For one week, Martina Navratilova talked about AIDS, Magic Johnson, the environment, the political climate of the country and the changing world of women's tennis.
And then she appeared on Phil Donahue's show.
Jennifer Capriati spent the week reacclimating herself to the women's tour, nursing a leg injury, and shopping in New York.
But last night at the Baltimore Arena, the legend and the kid met in the First National Bank Tennis Festival presented by The Baltimore Sun. It was an exhibition that spanned generations, a 35-year-old, nine-time Wimbledon champion against a 15-year-old schoolgirl still yearning to win an initial Grand Slam crown.
Capriati won the match, 7-6 (9-7), 6-4, but Navratilova won the crowd of 11,035 by showing again that age is just a number.
"It doesn't matter if you're 35 or 15, the ball comes at you the same way," Navratilova said.
And the ball came off Capriati's racket at terrific speeds. This was wonderful tennis for one set, Capriati banging returns all across the court, and Navratilova slicing backhands and charging the net, fighting off six first-set points but finally giving way in the tie-breaker.
"It's always fun to play in front of a big crowd," Navratilova said. "And it's nice to give something back to a friend for a good cause."
Navratilova came to Baltimore at the urging of Pam Shriver, her friend and longtime doubles partner, who served as the charity event host. Only two days after losing in four sets to No. 1 Monica Seles in the Virginia Slims Championships final, Navratilova displayed her talents against another teen-aged rival. Her vintage serve-and-volley game stands out as a marvelous relic in a sport filled with teen-agers carrying around oversized rackets and relying on baseline power.
"You're nervous and you want to put on a good show," Navratilova said before the match. "Here, the bottom line isn't winning. The bottom line is entertaining."
For the past week, Navratilova has been at the center of a controversy revolving around the issue of AIDS and Johnson's disclosure that he has the virus that causes the disease. Navratilova pointedly referred to a double standard on the issue that exists between men and women, heterosexuals and homosexuals. Her comments triggered a national debate that was joined by other women athletes.
"I'm asked questions, I answer them," she said. "I don't develop issues. Any time you say something new and controversial things happen. I didn't bring it up. But if you ask, I'll tell you what I think."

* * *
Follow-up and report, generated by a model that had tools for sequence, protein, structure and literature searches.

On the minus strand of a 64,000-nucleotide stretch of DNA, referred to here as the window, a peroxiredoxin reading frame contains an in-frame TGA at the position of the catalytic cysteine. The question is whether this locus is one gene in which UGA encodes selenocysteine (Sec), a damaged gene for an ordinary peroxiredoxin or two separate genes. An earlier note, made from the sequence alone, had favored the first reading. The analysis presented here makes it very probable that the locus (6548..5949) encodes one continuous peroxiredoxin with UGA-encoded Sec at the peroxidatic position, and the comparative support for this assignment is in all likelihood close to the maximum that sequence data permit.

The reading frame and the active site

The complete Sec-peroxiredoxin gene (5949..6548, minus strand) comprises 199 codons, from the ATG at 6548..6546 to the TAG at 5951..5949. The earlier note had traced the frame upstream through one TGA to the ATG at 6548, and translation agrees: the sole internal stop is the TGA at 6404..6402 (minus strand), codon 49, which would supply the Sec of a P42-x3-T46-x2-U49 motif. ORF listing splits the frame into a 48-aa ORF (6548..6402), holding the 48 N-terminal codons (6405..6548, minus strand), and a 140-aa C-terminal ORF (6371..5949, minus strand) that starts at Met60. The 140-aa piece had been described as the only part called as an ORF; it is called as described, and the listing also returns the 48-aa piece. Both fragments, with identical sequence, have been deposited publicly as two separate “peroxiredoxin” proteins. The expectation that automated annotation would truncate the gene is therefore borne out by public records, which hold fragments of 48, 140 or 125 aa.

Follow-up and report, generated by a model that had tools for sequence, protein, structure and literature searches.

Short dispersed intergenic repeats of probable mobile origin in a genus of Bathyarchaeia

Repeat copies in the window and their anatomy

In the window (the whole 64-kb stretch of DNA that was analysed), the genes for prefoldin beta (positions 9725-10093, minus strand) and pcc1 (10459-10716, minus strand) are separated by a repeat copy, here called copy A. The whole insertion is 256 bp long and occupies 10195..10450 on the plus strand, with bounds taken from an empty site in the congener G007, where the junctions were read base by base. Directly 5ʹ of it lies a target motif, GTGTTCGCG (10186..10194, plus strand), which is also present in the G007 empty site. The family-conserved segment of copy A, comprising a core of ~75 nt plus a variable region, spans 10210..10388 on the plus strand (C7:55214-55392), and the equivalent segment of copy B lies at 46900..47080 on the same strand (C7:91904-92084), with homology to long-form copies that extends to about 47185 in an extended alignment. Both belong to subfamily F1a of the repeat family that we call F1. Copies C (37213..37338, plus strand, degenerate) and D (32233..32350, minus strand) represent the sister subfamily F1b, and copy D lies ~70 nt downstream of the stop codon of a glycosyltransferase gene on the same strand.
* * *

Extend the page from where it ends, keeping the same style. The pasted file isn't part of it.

Navratilova gave herself high marks for this past season. After recovering from knee surgery, she came back on the tour, solidified her ranking as the world's No. 4 player, and reached finals at the U.S. Open and the Virginia Slims.
"I played better tennis this year than last, but in 1990, I won Wimbledon," she said. "This year, I didn't. So, maybe last year was better."
For Capriati, the season provided further evidence of her rise in the women's game. She reached No. 6 in the computer, and became the youngest women's semifinalist at Wimbledon. Her quarterfinal victory there clearly rattled Navratilova, who gave away match point with a double fault.
After taking two months off to attend school at home in Wesley Chapel, Fla., Capriati rejoined the circuit two weeks ago, reaching the final in Philadelphia but losing in the second round of the Virginia Slims to Gabriela Sabatini.
"Next year, I'd like to win a Grand Slam," Capriati said.
That's tough talk from a teen-ager who still enjoys morning practice and afternoon walks. Yesterday, she hit Harborplace and went shopping.
"Nothing special," she said. "I just got some things."
Capriati added that she was delighted to play for charity. Proceeds from the event benefited the Cystic Fibrosis Foundation, Children's Hospital, and the Greater Baltimore Tennis Patrons.
Capriati waited patiently as Shriver and Jim Palmer defeated Elise Burgin and former Baltimore Blast goalkeeper Scott Manning, 4-2, in a celebrity doubles match. After her singles victory, Capriati performed an encore in doubles, teaming with Shriver to defeat Navratilova and Burgin, 6-3.
"It's great to help out," Capriati said. "But it's kind of weird. I'm a kid, helping kids. I mean, who thought I'd be doing that and that people would want to see me play?"
Kids. That's tennis in the 1990s.